#noprojects with Cross Functional Feature Teams

by ShriKant Vashishtha


Sometimes #noprojects (deliver continuous change successfully without using a project) approach alone may not be enough for a software product. This is especially true for large enterprises where any valid business outcome requires close interactions of multiple software products.

In such cases, problem is how to resolve dependencies among software products. First approach which is also very common, is to agree upon a software interfacing contracts between software products. Each individual team then work in isolation while keeping other team’s software contract in mind. When done, teams integrate pieces together.

For example, In banking industry, a banking product may be the introduction of new credit card. The credit card introduction may touch many essential banking software products, i.e. payment system, Internet banking and loan system.

Functional Teams

In above picture, a credit card feature may require interaction of all three software products. In order to work on dependencies, Internet banking team and Loans team may agree on an interfacing contract and work in isolation till they are done. When done, teams work together and integrate pieces together. The same is required to be done for functional chunk interfacing Loans and Payments teams.

This approach has some inherent issues. Some observations to be noted here:

  • This smells like mini waterfall. Even if intentions are to slice business feature into smaller cross-functional user stories, the result depends heavily on the balance of overheads (need to integrate and collaborate between products) and any worthwhile business outcome.

    This is difficult. Eventually, many teams work in mini waterfall fashion. Instead of working in multiple cross-functional small user-stories, teams divide the work of entire feature. They work in isolation and then integrate. Integration may be very late in process.

  • Who does the end-to-end testing for the entire feature, remains a question. Who maintains such tests and how they get fixed if automated also remains unknown.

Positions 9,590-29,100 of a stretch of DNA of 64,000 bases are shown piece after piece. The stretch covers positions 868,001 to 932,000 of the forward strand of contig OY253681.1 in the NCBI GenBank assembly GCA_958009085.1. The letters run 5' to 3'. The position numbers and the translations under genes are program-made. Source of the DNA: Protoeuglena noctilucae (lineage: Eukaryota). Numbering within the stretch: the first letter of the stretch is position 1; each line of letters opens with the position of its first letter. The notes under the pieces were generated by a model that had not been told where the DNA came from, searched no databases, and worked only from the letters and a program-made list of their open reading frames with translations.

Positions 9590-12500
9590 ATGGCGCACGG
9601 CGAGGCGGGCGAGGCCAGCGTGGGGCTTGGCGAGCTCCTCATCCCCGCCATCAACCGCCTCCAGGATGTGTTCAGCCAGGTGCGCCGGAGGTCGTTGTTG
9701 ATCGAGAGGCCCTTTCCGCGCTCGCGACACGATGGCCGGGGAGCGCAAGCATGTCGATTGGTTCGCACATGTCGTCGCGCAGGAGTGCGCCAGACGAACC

• Each product team may have its own prioritization. Credit card feature may be the first priority for team “Internet Banking” but lowest in priority for team Loans. So it may happen that Internet-banking part of feature is done but it’s waiting for team Loans to finish its part. Any delay in the integration is waste.

For such scenarios, enterprises are moving towards running cross-functional feature teams based on #noprojects concept which looks something like this:


Instead of working as a software product team only and resolving arising dependencies, cross-functional feature team consist people from each software product team. In current case, a feature team will consist of team-members from Internet Banking, Loans, and Payments teams.

The mission for team(s) members is to work towards business functionality (end-to-end) which provides business value, doesn’t matter how small and what all individual product-pieces are involved.

To be continued…

  • How to get it structured in large enterprises. What’s the internal mechanics of software product teams to work in feature team concept?
  • How does Continuous Delivery help here?
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{ 1 comment… read it below or add one }

Anders July 11, 2016 at 2:29 pm

Well, this is the reality in most organizations having some kind of complexity within their IT environment. Agile has so far been to focused in optimization for a single product. Even scaling frameworks optimize for a single product or a set of products in a synchronized manner within a fairly homogeneous environment. This is why larger enterprises, trying to be agile, inevitably falls back to traditional “projects”.

What you describe is hard to accomplish, but it’s the only way forward. IMHO it’s better to let people in the cross-functional teams collaborate along the “mini-waterfall” rather than dogmatically follow any Agile guideline. There are other agile values which is more important to adhere to. We should have done #noProjects before we did Agile 🙂

Well put, anyway!


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